Econometrica: May 2019, Volume 87, Issue 3

Old, frail, and uninsured: Accounting for features of the U.S. long-term care insurance market

https://doi.org/10.3982/ECTA15295
p. 981-1019

R. Anton Braun, Karen A. Kopecky, Tatyana Koreshkova

Half of U.S. 50‐year‐olds will experience a nursing home stay before they die, and one in ten will incur out‐of‐pocket long‐term care expenses in excess of $200,000. Surprisingly, only about 10% of individuals over age 62 have private long‐term care insurance (LTCI) and LTCI takeup rates are low at all wealth levels. We analyze the contributions of Medicaid, administrative costs, and asymmetric information about nursing home entry risk to low LTCI takeup rates in a quantitative equilibrium contracting model. As in practice, the insurer in the model assigns individuals to risk groups based on noisy indicators of their nursing home entry risk. All individuals in frail and/or low‐income risk groups are denied coverage because the cost of insuring any individual in these groups exceeds that individual's willingness‐to‐pay. Individuals in insurable risk groups are offered a menu of contracts whose terms vary across risk groups. We find that Medicaid accounts for low LTCI takeup rates of poorer individuals. However, administrative costs and adverse selection are responsible for low takeup rates of the rich. The model reproduces other empirical features of the LTCI market including the fact that owners of LTCI have about the same nursing home entry rates as non‐owners.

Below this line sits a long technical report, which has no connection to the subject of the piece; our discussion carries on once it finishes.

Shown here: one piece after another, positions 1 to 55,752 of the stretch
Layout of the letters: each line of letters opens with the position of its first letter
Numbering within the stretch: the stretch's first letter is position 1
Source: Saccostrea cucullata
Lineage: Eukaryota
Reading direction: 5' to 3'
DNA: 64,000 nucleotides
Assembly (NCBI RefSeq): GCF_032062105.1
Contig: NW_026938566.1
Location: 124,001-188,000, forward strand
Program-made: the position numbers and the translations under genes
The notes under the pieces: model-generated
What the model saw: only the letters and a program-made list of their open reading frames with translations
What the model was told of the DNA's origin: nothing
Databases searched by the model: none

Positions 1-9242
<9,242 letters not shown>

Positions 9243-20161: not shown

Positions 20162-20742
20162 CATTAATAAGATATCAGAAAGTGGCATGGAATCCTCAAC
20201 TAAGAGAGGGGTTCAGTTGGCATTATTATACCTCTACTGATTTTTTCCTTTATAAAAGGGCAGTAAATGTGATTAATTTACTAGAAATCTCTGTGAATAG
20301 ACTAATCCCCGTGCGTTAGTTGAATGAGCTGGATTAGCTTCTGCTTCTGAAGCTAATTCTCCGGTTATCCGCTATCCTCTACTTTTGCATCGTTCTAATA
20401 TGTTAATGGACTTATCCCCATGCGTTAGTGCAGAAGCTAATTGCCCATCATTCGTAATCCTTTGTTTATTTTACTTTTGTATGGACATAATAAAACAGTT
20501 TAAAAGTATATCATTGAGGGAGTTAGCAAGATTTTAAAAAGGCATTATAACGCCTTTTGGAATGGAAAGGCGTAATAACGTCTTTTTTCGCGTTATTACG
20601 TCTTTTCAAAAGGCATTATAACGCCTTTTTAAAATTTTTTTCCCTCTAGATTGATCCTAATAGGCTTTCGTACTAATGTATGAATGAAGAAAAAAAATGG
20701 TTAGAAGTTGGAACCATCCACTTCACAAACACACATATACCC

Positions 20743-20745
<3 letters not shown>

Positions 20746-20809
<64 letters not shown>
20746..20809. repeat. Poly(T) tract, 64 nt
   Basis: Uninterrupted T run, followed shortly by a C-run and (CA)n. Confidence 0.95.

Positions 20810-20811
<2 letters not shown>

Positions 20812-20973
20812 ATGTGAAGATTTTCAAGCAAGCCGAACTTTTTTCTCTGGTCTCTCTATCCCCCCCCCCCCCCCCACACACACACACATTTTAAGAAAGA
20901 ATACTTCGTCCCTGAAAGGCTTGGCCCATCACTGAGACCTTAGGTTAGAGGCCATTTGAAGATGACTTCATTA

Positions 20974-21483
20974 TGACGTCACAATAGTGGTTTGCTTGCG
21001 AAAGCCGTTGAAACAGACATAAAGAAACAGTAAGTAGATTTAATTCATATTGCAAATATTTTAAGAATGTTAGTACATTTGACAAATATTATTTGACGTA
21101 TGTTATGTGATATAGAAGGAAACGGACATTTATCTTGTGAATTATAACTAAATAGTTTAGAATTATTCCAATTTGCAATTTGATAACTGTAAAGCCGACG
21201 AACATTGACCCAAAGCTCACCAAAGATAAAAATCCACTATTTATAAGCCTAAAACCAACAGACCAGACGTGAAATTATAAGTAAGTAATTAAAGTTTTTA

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Supplement to "Old, frail, and uninsured: Accounting for features of the U.S. long-term care insurance market"

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Supplement to "Old, frail, and uninsured: Accounting for features of the U.S. long-term care insurance market"

This zip file contains material to replicate the Auxiliary Model.

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Supplement to "Old, frail, and uninsured: Accounting for features of the U.S. long-term care insurance market"

This zip file contains data material for the replication of results found within the manuscript.

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Supplement to "Old, frail, and uninsured: Accounting for features of the U.S. long-term care insurance market"

This appendix contains additional theoretical results and discussion.

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